Carbon Capture and Storage in Geologic Formations

  • David A.N. Ussiri
  • Rattan Lal


Carbon dioxide (CO2) emissions, the most important anthropogenic greenhouse gas (GHG), can be reduced by CO2 capture and storage (CCS). This strategy is applicable to many large stationary sources including power generation plants, oil and gas refinery, cement production and other industrial sectors generating large point source of CO2. While the technology for CCS is currently available, significant improvements are needed to enhance confidence in storage security. In 1996, the first CCS project established for the purpose of mitigation of CO2 emission began injecting CO2 into deep geological formation in offshore aquifer in the North Sea, Norway. Since that time, science has advanced in areas such as geophysics, chemical engineering, monitoring and verification, and other areas, while also governments have funded demonstration projects at various sizes ranging from small-scale proof of concept to industrial-scale demonstration projects. Five industrial-scale CCS projects are currently operational globally with more than 0.035 Pg of CO2 captured and stored since 1996. Observations from these industrial scale projects and commercial CO2 enhanced oil recovery (CO2-EOR), engineered natural analogues as well as theoretical consideration, models and laboratory studies have suggested that appropriately selected and well managed CCS sites are likely to retain almost all of injected CO2 for long time and provide the benefits for the intended purpose of CCS. However, CCS is still struggling to gain foothold as one of the main options for mitigating climate change due to high costs, advances in other options including renewable energy, as well as discovery of shale natural gas and the associated hydrological fracturing extraction techniques, absence of international action by governments and private sectors on climate change, economic crisis-induced low carbon (C) prices, and public skepticism. The estimated costs for CCS varies widely depending on the application—such as gas clean-up versus electricity generation, type of fuel, capture technology , and assumptions about the baseline technology. Generally, for current technology, CCS would increase cost of generating electricity by 50–100%, and parasitic energy requirement of 15–30%. In this case, capital costs and energy requirements are the major cost drivers. In addition, significant scale-up compared to existing CCS activities will be needed to achieve intended large reductions of CO2 emissions. For example, a 5- to 10-fold scale-up in the size of individual projects is needed to capture and store emissions from a typical coal-fired power plant of 500–1000 MW, while a thousand-fold scale-up in size of current CCS enterprise would be needed to reduce emissions by 1 Pg C yr−1. The estimated global oil and gas reservoirs are 1000 Pg CO2, saline aquifers global potential capacity ranges from 4000 to 23,000 Pg CO2. However, there is considerable debate about how much storage capacity actually exists and is available for CCS, particularly in saline aquifers. Research, improved geological assessments and commercial scale demonstration projects will be needed to verify the estimated capacity and improve confidence in storage capacity estimates.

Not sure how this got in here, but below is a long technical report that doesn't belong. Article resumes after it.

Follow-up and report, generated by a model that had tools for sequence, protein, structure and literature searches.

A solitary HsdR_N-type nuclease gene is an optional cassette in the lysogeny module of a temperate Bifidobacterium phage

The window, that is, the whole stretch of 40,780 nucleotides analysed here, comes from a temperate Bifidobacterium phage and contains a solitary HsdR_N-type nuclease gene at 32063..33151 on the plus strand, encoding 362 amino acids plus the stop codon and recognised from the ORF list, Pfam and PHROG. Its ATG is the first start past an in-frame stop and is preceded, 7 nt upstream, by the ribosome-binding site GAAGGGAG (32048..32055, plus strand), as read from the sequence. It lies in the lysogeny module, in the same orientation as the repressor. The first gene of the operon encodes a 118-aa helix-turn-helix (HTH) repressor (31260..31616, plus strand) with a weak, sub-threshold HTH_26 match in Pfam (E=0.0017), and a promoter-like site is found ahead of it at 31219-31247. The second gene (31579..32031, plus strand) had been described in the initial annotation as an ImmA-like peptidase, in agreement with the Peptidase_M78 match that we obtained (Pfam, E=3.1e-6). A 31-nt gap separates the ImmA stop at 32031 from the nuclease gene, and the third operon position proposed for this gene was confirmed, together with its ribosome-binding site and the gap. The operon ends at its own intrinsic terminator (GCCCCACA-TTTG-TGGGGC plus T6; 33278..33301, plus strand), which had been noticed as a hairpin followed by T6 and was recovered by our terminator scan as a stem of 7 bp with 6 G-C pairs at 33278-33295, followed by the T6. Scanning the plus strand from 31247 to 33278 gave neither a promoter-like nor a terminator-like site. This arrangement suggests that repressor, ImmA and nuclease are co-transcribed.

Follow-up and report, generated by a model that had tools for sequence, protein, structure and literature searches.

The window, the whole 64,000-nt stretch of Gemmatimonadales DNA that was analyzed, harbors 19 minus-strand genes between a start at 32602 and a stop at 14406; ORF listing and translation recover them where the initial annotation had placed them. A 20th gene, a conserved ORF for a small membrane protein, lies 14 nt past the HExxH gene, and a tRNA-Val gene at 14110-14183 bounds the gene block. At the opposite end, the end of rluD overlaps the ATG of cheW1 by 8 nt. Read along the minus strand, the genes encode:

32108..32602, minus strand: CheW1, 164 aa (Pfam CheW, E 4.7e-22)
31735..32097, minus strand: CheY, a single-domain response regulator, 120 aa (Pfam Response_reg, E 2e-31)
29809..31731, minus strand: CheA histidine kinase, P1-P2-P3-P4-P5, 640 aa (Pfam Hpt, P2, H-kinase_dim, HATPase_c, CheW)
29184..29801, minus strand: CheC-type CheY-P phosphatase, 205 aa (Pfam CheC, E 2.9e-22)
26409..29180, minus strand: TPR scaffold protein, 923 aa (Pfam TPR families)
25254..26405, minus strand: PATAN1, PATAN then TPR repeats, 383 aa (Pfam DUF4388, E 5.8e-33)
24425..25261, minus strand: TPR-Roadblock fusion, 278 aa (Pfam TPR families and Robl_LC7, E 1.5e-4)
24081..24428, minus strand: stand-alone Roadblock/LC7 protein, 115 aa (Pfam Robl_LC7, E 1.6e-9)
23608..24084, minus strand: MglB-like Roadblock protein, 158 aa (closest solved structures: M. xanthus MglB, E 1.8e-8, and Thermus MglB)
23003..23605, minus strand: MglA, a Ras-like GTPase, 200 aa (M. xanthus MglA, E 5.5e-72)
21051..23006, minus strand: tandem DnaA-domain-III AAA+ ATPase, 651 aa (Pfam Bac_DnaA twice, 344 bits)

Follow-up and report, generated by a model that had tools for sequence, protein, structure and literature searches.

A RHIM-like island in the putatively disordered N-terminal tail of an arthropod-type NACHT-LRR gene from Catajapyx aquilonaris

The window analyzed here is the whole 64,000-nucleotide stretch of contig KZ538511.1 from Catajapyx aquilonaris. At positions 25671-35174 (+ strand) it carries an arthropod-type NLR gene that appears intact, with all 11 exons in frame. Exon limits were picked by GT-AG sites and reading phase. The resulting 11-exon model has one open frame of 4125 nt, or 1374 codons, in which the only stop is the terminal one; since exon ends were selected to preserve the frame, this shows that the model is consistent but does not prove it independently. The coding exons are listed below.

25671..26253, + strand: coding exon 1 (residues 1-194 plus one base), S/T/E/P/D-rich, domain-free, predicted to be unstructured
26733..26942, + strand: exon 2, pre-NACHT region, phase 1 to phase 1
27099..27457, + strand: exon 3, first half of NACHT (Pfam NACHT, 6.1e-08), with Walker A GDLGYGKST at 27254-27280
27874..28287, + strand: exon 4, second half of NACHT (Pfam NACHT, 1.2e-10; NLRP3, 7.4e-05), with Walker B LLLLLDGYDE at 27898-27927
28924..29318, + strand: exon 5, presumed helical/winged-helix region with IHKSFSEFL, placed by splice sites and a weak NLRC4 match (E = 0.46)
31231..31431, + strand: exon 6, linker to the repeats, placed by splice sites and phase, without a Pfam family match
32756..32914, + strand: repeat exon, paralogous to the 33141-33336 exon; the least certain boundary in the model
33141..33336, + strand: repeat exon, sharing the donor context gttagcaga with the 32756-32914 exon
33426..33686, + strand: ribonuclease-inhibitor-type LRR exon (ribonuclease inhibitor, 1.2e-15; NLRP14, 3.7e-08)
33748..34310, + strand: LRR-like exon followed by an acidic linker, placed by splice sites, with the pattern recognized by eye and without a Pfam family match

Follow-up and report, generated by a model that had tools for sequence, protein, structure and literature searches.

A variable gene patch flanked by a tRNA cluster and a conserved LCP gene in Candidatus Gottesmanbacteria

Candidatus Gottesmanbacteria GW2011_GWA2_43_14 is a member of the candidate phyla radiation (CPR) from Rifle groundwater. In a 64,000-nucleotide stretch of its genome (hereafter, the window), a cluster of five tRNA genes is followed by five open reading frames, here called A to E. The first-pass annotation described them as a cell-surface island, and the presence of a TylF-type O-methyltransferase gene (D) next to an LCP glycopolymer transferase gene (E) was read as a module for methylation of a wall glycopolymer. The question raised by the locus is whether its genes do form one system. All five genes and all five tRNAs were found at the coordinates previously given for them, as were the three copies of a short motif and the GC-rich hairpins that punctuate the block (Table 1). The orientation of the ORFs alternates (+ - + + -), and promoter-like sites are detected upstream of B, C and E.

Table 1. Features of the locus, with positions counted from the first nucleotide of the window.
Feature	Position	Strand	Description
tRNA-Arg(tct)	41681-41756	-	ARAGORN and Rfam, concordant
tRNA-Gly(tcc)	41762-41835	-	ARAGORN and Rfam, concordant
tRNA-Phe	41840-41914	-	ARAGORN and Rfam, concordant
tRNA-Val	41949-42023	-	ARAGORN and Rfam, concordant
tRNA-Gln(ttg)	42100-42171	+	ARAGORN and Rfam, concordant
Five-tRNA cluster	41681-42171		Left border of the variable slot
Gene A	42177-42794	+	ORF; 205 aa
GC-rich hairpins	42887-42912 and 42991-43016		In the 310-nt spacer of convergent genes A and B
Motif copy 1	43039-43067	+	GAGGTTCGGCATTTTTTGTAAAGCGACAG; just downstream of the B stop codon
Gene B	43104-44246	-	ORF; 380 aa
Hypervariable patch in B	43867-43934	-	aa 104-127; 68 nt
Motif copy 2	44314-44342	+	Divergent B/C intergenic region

Carbon capture technologies Coal-fired plants Geological carbon sequestration Saline aquifers Enhanced oil recovery Seismicity 


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© Springer International Publishing AG 2017

Authors and Affiliations

  1. 1.Carbon Management and Sequestration Center, School of Environment and Natural ResourcesThe Ohio State UniversityColumbusUSA

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